Thankfully, the kind of chattel slavery experienced by Douglass is no longer legal in the United States. But Douglass's book remains relevant as a study of how an institution like slavery, which vests nearly absolute power in the slaveholding class, corrupts everyone it touches. The book also emphasizes the importance of education (reading) in allowing people to overcome their surroundings. Douglass views the moment he learned to read as a seminal moment in his life. Finally, the book is also powerful evidence of how even people in terribly degrading circumstances still retain agency to shape their own lives. Before his fight with Covey, described in Chapter X, Douglass tells the reader: "You have seen how a man was made a slave; you shall see how a slave was made a man." After describing the fight, Douglass informs the reader that it had truly represented a turning point for him, because it demonstrated that slavery had not deprived him of his spirit:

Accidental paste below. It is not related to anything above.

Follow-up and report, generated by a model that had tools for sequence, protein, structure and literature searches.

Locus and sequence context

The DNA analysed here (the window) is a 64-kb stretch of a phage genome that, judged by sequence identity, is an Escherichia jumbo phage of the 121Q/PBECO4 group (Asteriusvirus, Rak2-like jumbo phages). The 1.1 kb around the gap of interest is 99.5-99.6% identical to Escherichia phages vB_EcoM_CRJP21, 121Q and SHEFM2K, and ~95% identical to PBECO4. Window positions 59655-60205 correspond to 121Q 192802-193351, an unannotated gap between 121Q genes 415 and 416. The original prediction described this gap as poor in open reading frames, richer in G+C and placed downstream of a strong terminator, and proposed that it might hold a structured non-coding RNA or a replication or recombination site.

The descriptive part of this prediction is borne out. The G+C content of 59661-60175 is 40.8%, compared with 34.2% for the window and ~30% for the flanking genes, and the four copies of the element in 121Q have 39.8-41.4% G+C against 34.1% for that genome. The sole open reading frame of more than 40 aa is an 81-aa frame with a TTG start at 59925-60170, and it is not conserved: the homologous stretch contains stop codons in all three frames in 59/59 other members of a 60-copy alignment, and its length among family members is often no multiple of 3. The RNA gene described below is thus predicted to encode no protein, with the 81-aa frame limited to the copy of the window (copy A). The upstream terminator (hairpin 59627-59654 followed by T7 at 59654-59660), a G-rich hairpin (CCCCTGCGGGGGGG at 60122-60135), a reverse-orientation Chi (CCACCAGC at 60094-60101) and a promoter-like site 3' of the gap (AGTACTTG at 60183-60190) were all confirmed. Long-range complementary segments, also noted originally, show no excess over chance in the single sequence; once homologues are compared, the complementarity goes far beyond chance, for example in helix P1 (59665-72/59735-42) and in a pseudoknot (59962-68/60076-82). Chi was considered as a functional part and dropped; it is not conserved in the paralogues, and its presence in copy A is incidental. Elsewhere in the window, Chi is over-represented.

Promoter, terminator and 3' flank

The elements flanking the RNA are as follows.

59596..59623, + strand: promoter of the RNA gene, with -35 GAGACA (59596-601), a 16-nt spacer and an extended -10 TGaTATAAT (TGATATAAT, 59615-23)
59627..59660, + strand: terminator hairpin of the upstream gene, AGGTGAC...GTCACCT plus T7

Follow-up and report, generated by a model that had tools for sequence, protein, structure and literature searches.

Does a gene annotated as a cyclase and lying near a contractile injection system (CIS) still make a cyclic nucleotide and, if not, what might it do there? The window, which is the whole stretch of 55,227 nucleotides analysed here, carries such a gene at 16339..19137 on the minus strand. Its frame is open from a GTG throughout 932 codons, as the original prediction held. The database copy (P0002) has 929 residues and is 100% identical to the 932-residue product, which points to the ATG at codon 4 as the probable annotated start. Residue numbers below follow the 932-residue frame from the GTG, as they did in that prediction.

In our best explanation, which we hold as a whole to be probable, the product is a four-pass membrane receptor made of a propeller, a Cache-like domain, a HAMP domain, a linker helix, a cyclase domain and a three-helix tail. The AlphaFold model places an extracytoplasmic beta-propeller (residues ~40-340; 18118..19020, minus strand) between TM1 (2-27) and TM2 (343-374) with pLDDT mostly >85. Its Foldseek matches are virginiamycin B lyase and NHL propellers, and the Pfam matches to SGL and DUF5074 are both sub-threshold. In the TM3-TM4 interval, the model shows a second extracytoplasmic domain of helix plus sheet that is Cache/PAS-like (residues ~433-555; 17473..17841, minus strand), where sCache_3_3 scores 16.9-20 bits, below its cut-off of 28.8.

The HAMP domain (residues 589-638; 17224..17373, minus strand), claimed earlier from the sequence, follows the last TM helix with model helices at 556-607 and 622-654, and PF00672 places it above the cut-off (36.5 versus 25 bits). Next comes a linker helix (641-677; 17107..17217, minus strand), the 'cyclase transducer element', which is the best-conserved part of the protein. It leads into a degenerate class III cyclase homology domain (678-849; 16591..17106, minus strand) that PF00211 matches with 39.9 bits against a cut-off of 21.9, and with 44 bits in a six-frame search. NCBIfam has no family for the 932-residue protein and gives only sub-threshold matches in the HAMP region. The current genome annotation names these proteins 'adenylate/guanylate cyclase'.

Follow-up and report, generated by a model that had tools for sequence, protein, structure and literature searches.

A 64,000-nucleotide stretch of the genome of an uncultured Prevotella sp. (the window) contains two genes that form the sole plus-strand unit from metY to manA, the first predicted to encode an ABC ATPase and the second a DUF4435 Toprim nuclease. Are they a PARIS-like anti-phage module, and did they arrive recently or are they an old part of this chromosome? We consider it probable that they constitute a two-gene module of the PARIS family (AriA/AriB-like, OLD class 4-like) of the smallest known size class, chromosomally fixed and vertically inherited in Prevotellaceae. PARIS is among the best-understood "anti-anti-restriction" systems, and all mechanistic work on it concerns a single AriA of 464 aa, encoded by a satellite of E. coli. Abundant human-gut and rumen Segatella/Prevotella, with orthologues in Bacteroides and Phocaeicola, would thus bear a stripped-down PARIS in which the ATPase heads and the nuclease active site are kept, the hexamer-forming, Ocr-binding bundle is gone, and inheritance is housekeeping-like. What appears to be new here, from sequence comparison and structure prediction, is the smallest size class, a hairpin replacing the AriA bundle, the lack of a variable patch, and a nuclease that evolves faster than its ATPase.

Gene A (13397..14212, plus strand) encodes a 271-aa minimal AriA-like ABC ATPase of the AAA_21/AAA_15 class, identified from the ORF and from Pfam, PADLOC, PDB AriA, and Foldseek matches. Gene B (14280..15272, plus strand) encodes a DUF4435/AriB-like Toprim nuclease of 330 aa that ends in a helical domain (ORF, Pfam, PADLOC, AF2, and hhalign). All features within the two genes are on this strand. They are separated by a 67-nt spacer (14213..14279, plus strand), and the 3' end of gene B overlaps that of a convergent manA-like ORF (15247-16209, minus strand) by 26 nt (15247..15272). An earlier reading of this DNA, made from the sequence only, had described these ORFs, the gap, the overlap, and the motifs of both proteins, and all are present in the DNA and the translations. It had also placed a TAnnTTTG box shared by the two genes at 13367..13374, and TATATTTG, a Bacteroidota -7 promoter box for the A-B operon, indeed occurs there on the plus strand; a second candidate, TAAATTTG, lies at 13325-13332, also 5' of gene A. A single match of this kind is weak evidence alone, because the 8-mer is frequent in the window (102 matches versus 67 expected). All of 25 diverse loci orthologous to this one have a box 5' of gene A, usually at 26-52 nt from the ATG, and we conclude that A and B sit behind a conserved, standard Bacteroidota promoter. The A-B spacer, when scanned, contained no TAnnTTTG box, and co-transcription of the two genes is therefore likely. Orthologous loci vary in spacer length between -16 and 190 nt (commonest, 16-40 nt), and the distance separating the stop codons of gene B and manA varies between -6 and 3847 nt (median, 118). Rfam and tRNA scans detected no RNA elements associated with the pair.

It rekindled the few expiring embers of freedom, and revived within me a sense of my own manhood. It recalled the departed self-confidence, and inspired me again with a determination to be free...My long-crushed spirit rose, cowardice departed, bold defiance took its place; and I now resolved that, however long I might remain a slave in form, the day had passed forever when I could be a slave in fact. I did not hesitate to let it be known of me, that the white man who expected to succeed in whipping, must also succeed in killing me.
Of course, Douglass's Narrative also remains an important source for the abolitionist movement and, perhaps more importantly, as a window into the psychological effects of slavery on enslaved people. So while slavery is a dead institution, this book remains relevant and important. The issues of inequality, oppression, and basic humanity it raises transcend slavery.